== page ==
| |

F1: the rumour mill is spinning even though the season hasn't started

Bryan Edwards

Oh, no we didn't.

Oh, yes they did.

The pantomime that is Formula One is underway, even though the season is not.

Red Bull think they know how Mercedes are so quick. The team that claims their drink gives you wings, says Mercedes is putting oil in the fuel. Mercedes say that's nonsense, that they don't do it, wouldn't do it and its' not allowed.

Well, for sure, it's not allowed, at least during race weekends but technically, there's no reason why they can't try it out in testing. But to do it at race weekends would be extraordinarily difficult: although the teams mix their own fuel, Mercedes being produced by Malaysian national oil company Petronas, the specification is tightly controlled. And fuel must be made available for testing, both from the distribution cans and, randomly, from cars at the end of the race. That's why drivers who finish with less than a specified amount of fuel are penalised.

So Red Bull are almost certainly wide of the mark with that allegation.

Over at Ferrari, the team has done something no team has done for years: it's produced a car with only engineers of its home nationality. That's going to be interesting, says former team boss Luca di Montezemolo who claims that there isn't enough talent in a single country to produce a front running car. This, he says, is likely to lead to Vettel, whose arrival at Ferrari has not been even a moderate success, to leave. Raikkonen, Montezemolo says, isn't able to lead Ferrari to championship success. In short, he's written off the car, and the drivers. One suspects he's been waiting for the chance to make such comments since being fired for poor results: and while team organisation has improved immeasurably, the results have not come. But, F1 being the place where the outspoken are often promptly spiked, Raikkonen promptly put in the fastest time for day two of pre-season testing in Barcelona.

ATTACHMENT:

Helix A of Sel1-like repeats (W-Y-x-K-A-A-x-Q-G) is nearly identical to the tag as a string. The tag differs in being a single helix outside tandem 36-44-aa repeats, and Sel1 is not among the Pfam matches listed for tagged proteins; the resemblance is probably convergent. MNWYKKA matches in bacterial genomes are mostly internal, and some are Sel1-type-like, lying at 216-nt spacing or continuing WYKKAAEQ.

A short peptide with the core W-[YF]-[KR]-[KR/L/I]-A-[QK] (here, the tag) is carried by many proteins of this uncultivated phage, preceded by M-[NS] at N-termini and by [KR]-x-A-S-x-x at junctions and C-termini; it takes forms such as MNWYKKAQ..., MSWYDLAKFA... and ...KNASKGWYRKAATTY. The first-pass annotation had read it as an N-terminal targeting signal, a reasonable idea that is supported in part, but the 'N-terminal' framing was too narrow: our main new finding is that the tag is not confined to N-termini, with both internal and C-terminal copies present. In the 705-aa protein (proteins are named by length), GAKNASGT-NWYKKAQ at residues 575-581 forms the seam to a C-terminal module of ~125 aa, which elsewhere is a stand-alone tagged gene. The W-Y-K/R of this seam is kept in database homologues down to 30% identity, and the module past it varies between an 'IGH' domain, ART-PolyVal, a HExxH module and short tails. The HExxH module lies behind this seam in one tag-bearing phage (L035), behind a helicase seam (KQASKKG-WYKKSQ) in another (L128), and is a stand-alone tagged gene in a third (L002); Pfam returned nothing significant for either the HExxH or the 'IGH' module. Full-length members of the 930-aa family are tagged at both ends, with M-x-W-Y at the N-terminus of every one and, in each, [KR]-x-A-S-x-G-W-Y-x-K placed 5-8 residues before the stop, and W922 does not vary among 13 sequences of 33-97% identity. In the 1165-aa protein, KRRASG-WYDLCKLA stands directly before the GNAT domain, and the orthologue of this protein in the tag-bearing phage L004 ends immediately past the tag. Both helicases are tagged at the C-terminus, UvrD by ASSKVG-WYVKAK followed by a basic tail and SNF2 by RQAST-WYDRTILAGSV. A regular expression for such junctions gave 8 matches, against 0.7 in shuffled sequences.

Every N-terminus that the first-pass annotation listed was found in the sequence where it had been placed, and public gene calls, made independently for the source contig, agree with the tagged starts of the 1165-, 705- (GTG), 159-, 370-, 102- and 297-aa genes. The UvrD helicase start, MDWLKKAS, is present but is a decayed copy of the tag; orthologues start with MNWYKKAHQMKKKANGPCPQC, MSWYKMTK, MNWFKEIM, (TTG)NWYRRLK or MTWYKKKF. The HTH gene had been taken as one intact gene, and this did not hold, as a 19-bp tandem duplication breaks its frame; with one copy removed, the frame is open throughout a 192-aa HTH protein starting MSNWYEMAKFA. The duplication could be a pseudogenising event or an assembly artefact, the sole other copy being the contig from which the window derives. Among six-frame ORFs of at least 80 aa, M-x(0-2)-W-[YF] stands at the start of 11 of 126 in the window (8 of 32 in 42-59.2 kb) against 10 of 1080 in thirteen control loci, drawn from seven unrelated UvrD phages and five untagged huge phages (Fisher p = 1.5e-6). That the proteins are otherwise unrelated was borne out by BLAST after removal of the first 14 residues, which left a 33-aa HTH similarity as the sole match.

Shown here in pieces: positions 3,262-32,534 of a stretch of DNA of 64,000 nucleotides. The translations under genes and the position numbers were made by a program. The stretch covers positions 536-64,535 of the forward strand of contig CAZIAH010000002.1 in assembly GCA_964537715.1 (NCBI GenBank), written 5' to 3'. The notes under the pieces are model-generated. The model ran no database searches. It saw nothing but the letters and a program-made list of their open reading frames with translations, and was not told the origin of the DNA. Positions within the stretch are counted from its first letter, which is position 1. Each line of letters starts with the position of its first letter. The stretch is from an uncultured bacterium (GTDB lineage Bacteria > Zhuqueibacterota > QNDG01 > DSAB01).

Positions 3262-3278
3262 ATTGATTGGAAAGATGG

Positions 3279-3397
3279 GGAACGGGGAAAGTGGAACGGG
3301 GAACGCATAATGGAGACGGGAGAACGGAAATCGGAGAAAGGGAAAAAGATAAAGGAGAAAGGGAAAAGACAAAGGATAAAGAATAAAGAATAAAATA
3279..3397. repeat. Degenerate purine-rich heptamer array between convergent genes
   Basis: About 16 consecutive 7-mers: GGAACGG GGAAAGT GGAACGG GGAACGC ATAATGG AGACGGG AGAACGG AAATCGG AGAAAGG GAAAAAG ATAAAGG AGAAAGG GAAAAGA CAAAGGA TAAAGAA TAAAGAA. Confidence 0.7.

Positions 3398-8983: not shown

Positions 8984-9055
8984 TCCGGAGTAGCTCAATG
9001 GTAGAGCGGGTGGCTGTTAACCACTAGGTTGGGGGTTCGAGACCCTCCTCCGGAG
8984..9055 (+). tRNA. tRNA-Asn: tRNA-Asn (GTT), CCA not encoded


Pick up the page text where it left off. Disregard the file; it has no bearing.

Hamilton says the new cars will "sort the men from the boys" but also warns that the actual racing might not be much good in 2017. He did 95 laps in testing: almost 50% more than a full race distance, and said it wasn't especially tiring, confounding the critics who said the new cars would be more physical than last year. After a more-than-full-race simulation, Hamilton said that the changes that were supposed to help cars get closer to the one in front haven't worked: more downforce means more turbulence, said Mercedes designers. That, Hamilton says, makes the cars unpredictable, especially if there are sudden crosswinds.

Last season, Force India, which used to be Spyker adopted a black and silver livery that was similar to that of McLaren. For 2017, McLaren have adopted an orange livery, which looks similar to the old Spyker colour. As for performance: Honda were hip deep in apologies as their 2017 engine, which they had been working on for most of 2016, didn't work. Out of one car they took to the test, they've had a 200% failure. Day one: oil tank failed. Day two: engine failed entirely. Apparently, they have a second generation engine, the "Melbourne Spec" on its way for next week's test. And some sticky tape and brown paper, perhaps?

And finally: this week, all hope was lost that an after-the-last-minute deal would save Manor and the team officially withdrew from the F1 Championship for 2017. It was the last of the three hopefuls that joined in 2010. There was Team Lotus (renamed Caterham), Team US F1 (which failed to make it to the grid), Virgin Racing (later Marussia and then Manor) and Campos (which had a crisis before the season and became HRT. The scale of the uncertainty is shown by the information available to The Daily Telegraph in June 2009, most of which was what didn't happen by the start of the season. See http://www.telegraph.co.uk/spo...